And the verdict is in…. they’re fantastic! (Okay, so I got mine without bacon or American cheese. Even when doing as the Romans do and all that, you gotta have some standards.) You might think I can’t make a fair comparison, since I hadn’t had a burger in years. But come on, converting a vegetarian is a pretty impressive feat.  I advise you all to abandon your fast food burgers immediately, and high tail it to Juquila.
Even more important than the burgers (and what, you ask, could be more important than burgers?), I’m turning Epic into my first friend in Juquila. Call it instinct, sixth sense, intuition, whatever- Epic exudes friend-material energy; he’s friendly but also, I think, sarcastic and skeptical, he’s funny and giggles easily, and I think he’s strong and tough and nice and lovely. I don’t actually know him, especially not that first night when I go and eat his hamburgers, but I warn him that same night that he’s gonna end up being my friend. More details on that later, but I will mention that so far so good- he’s even the first visitor that’s come to the house to see ME (not for Conan, not for Lucia- but to talk to me!)…. I think it’s gonna be an epic friendship.

Lucia in the sky with diamond… earrings? Or not. And other mama drama

5 Sep

Lucia, being a baby of not-quite 2 months old (at the time of writing this), looks pretty androgynous.  In the U.S., the color of baby clothing is what tends to identify a baby’s sex. I even had a nurse think that what was on the medical chart identifying my baby as a girl must have been wrong, since the baby was wearing green. In Mexico, apparently what identifies sex is earrings, or the lack thereof. So since Lucia doesn’t have her ears pierced, everyone assumes she’s a boy. When we say she’s a girl, people are shocked and dismayed. “When are you gonna do her little holes?” they ask. “When she asks for it,” we reply.  That stops some folks, but others insist that that’s silly; she really needs some earrings.
People also believe that babies here are cold all the time and must be totally bundled up, even in sunny, 80-degree weather. “Where are her socks? Where’s her hat?” someone scolded me (this is a theme, really). “It’s hot out,” I asserted. “When did she tell you she was hot?” Around the same time she told you she was cold- I didn’t say. What’s even better (“better” being more ironic and irritating) is when strangers insist on holding my child, and then when she cries they tell me it’s because she’s cold, or for some other reason which is surely my fault. It couldn’t be because she doesn’t want to be in their arms, even though she was not crying in my arms just 3 seconds ago and now that you’ve given her back to me she’s stopped crying again. No, no, you, the stranger, surely know better than I what’s wrong with my baby. Thank you.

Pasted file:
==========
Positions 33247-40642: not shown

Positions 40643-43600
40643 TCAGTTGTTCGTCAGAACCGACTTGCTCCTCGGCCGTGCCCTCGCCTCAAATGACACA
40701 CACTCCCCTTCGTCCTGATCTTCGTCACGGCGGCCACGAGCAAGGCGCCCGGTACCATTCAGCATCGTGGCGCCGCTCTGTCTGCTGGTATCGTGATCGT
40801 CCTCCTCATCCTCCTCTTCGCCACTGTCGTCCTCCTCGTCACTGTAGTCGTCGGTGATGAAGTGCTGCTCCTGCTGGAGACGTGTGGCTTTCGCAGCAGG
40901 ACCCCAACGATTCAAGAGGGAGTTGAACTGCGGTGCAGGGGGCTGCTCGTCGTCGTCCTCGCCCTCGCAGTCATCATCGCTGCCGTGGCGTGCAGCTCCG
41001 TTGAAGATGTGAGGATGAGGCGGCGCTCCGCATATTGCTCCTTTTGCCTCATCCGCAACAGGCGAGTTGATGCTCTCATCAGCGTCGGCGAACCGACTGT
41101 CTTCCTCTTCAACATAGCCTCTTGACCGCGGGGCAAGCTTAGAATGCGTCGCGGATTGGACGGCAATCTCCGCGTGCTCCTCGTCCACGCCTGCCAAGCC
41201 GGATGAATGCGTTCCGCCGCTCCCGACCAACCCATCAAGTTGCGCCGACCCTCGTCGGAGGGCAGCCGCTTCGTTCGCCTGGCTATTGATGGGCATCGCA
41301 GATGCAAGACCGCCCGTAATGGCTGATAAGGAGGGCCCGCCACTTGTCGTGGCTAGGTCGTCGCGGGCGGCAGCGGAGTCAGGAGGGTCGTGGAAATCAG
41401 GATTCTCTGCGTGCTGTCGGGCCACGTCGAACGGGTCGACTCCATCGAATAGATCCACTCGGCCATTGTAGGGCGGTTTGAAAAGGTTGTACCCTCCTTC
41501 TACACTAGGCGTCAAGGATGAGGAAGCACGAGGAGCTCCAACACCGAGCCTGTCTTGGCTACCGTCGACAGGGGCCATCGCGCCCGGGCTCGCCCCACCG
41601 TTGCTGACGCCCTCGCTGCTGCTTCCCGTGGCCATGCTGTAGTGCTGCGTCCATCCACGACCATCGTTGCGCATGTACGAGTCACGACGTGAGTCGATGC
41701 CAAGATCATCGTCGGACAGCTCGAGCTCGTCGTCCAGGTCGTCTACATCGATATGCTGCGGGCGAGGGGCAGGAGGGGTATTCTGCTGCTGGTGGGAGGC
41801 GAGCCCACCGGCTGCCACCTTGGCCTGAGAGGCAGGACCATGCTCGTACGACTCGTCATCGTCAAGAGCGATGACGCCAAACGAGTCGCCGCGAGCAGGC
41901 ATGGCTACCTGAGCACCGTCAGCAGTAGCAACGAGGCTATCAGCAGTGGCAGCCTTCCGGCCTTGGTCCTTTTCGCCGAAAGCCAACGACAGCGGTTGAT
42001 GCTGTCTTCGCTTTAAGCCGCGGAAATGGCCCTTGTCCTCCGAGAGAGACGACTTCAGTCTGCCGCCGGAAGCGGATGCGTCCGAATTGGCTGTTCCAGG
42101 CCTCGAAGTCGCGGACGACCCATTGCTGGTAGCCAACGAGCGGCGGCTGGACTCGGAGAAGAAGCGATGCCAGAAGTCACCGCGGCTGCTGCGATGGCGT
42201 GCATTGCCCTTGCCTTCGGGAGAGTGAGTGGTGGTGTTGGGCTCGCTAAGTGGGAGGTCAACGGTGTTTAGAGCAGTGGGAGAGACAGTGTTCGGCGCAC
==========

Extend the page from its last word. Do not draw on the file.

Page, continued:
Which brings us to another baby mama drama of mine: strangers snatching my baby from me. I realize it’s probably universal that people like to hold babies. I don’t normally mind other people holding Lucia. In fact, it’s often a nice little break for me and her papi. But my mama-bear instincts kick into high gear when people who haven’t even introduced themselves to me come up and try to take my baby out of my arms. There’s no, “oh, can I hold the baby?” or even, “hello, my name is so-and-so”. They just come and reach out their arms, and I’m a big bitch for not wanting to hand over my baby. I don’t care if they know Conan, or Conan’s mom Paulina. I don’t know them. And I am (one of two people) responsible for Lucia’s wellbeing. Even if it weren’t dangerous (and parents, you try telling me you like to hand your newborn off to strangers on a regular basis), it’s still exceedingly rude. I can’t imagine trying to take someone’s baby out of their arms without a) asking them if it’s okay, and b) INTRODUCING MYSELF, if it’s not already a friend of mine. Part of this is, I believe, another symptom of me not being a real human being here (or maybe there’s another reason why so few people will speak directly to me?). For example, day 2 in Juquila, I go to the corner store with Paulina, with Lucia in her wrap as usual. People in the store come make a fuss about Lucia (Okay, cool. She is an adorable baby and all that.), but they ask Paulina if it’s her baby. Ummm, have you seen Paulina pregnant in the past year? Is Paulina carrying this baby around wrapped up against her body? You obviously can’t really mean to ask if this is Paulina’s baby, so why are you asking that? Is it that important to not acknowledge my existence? We could make a comic book character out of me- the invisible mommy. Look! There’s a floating nipple feeding that baby! Look! That baby is walking down the street held up by thin air! Bless their little hearts, they surely just want to help poor Lucia, as it must seem that she’s all alone.